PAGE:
Rule 11-581. Sanctions.

(a) Scope. A disciplinary sanction is imposed on a Lawyer upon the Committee’s or the court’s finding that the Lawyer has engaged in professional misconduct.

(b) Delicensure. Delicensure terminates the individual’s status as a Lawyer. A Lawyer who has been delicensed may be relicensed.

(c) Suspension. Suspension removes a Lawyer from the practice of law for a specified minimum time, generally six months or more. In no event should the time before application for reinstatement be more than three years.

(d) Interim suspension or interim discipline. Interim suspension temporarily suspends a Lawyer from the practice of law. Interim suspension or interim discipline may be imposed as set forth in Rules 11-563 and 11-564.

(e) Reprimand. Reprimand is public discipline that declares the Lawyer’s conduct improper, but does not limit the Lawyer’s right to practice law.

(f) Admonition. Admonition is nonpublic discipline that declares the conduct of the Lawyer improper, but does not limit the Lawyer’s right to practice law.

(g) Probation. Probation allows a Lawyer to practice law under specified conditions. Probation may be public or nonpublic, imposed alone or in conjunction with other sanctions, and imposed as a condition of reinstatement or relicensure.

(1) Requirements. To be eligible for probation, a Respondent must demonstrate that:

(A) the Respondent can perform legal services and the continued practice of law will not cause the courts or the profession to fall into disrepute;

(B) the Respondent is unlikely to harm the public during probation;

(C) the necessary conditions of probation can be adequatelysupervised; and

(D) the Respondent has not committed acts warranting delicensure.

(2) Conditions. Probation may include the following conditions:

(A) no further violations of the Rules of Professional Conduct or Licensed Paralegal Practitioner Rules of Professional Conduct;

(B) restitution;

(C) assessment of costs;

(D) limitation on practice;

(E) requirement that the Lawyer pass the Multistate Professional Responsibility Exam;

(F) requirement that the Lawyer take continuing legal education courses;

(G) mental health counseling and treatment;

(H) abstinence from drugs and alcohol;

(I) medical evaluation and treatment;

(J) periodic reports to the court and the OPC; and

(K) monitoring of all or part of Respondent’s work by a supervising attorney.

(3) Costs. The Respondent is responsible for all costs of evaluation, treatment, and supervision. Failing to pay these costs before probation terminates is a violation of probation.

(4) Terminating probation. A Respondent may terminate probation by filing with the district court and serving on the OPC an unsworn declaration stating that the Respondent has fully complied with the requirements of the probation order. The OPC may file an objection and thereafter the court will conduct a hearing.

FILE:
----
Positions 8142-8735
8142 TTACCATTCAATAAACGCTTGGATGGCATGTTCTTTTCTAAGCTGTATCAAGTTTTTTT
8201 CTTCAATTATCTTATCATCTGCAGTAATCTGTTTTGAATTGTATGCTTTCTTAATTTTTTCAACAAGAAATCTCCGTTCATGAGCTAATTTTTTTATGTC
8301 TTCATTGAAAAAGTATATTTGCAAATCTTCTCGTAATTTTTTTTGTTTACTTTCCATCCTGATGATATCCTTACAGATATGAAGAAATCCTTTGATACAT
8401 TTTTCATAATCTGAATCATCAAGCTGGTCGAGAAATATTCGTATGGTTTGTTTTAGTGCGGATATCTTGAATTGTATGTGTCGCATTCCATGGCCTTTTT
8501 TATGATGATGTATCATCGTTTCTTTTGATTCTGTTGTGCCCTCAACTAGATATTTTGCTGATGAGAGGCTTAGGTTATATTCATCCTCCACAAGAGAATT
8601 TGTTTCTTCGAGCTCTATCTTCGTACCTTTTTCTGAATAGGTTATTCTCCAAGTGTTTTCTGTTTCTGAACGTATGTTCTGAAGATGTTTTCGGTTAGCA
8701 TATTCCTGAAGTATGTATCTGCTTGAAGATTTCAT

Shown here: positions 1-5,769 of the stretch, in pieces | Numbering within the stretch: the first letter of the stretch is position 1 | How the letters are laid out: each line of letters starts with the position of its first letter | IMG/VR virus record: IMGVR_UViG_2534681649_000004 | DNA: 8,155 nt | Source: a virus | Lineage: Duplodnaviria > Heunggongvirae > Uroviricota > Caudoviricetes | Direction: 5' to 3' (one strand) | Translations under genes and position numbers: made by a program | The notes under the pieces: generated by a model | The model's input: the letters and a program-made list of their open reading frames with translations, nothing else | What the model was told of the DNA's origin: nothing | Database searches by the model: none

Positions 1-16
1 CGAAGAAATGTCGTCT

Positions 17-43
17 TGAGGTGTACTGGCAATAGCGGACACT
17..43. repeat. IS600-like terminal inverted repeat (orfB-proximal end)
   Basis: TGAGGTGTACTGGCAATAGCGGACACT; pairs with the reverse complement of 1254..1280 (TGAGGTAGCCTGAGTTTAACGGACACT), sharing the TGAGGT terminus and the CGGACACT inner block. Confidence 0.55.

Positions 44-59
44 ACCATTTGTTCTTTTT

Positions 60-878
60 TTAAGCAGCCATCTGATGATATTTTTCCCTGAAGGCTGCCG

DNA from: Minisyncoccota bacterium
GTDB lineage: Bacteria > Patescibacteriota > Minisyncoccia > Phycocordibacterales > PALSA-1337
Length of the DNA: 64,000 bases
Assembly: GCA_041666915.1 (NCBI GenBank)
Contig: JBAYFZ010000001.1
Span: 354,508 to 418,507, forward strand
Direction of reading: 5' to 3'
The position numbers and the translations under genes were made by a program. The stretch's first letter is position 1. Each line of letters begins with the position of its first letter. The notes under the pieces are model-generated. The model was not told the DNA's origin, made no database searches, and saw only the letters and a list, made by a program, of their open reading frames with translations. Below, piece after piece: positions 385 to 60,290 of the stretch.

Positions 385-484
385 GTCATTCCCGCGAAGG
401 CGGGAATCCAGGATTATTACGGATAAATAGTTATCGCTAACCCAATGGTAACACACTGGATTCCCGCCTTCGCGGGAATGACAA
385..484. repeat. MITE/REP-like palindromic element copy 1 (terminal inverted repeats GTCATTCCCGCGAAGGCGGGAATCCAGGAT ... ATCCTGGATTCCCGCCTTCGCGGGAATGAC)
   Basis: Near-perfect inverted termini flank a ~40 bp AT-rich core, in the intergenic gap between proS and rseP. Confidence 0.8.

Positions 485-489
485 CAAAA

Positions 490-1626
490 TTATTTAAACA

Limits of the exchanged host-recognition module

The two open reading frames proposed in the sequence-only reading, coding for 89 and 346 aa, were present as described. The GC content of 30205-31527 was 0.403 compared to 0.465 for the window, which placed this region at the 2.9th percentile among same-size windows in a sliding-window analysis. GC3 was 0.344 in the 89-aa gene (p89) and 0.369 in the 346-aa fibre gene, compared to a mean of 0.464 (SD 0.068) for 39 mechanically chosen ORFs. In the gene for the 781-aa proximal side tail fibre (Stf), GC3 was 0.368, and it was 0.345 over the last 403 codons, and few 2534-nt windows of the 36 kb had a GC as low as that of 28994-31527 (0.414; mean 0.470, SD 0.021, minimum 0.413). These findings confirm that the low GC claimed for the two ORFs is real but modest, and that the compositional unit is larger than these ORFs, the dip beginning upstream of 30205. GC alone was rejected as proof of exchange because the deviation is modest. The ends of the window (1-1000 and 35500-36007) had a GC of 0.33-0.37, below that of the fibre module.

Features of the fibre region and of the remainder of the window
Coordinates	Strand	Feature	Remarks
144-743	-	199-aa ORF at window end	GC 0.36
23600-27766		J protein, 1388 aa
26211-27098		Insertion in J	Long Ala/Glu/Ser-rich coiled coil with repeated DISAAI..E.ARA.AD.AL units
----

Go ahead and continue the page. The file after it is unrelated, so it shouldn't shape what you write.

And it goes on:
(5) Violations. If during the period of probation, the OPC receives information that any probation term has been violated, the OPC may file a motion specifying the alleged violation and seeking to have the probation terminated. Upon filing such motion, the Respondent must have the opportunity to respond and a hearing will be held, at which time the court will determine whether to revoke probation.

(h) Diversion. Diversion is an alternative to a sanction if completed. Diversion allows a Lawyer to practice law under specified conditions. Diversion may be public or non-public.

(1) Rule 11-550 governs diversion matters before the matter is submitted to a screening panel.

(2) For an Action, the following criteria will determine the appropriateness of a diversion:

(A) The misconduct does not involve the misappropriation of funds or property; fraud, dishonesty, deceit or misrepresentation; or the commission of a misdemeanor adversely reflecting on the Lawyer’s fitness to practice law or any felony;

(B) The misconduct appears to be the result of inadequate law office management, chemical dependency, a physical or mental health condition, negligence or lack of training, education or other similar circumstance; and

(C) There appears to be a reasonable likelihood that the successful completion of a remedial program will prevent the recurrence of conduct by the attorney similar to that under consideration for diversion.

(3) In addition to the above-required criteria of (A), (B) and (C), other considerations may include whether the misconduct is a one-time act or based on a physical or mental condition beyond the Respondent’s control and whether there is sufficient evidence connecting the condition to the misconduct.

(4) Diversion determinations must include compliance conditions to address the misconduct and the time for completion.

(5) If the Lawyer completes the diversion conditions, the Action will be dismissed with prejudice.

(6) If the Lawyer does not complete the diversion conditions within the required time, the Lawyer will be subject to a suspension of six months and a day.

(i) Resignation with discipline pending. Resignation with discipline pending is a form of public discipline that allows a Respondent to resign from the practice of law while either a Complaint or Action is pending against the Respondent. Resignation with discipline pending may be imposed as set forth in Rule 11-566.

(j) Other sanctions and remedies. Other sanctions and remedies that a court may impose include:

(1) restitution;

(2) assessment of costs;

(3) limitation upon practice;

(4) appointment of a receiver;

(5) a requirement that the Lawyer take the Bar Examination or professional responsibility examination; and

(6) a requirement that the Lawyer attend continuing education courses.

(k) Reciprocal discipline. Reciprocal discipline is imposing a disciplinary sanction on a Lawyer who has been disciplined in another court, another jurisdiction, or a regulatory body having disciplinary jurisdiction.

Effective December 15, 2020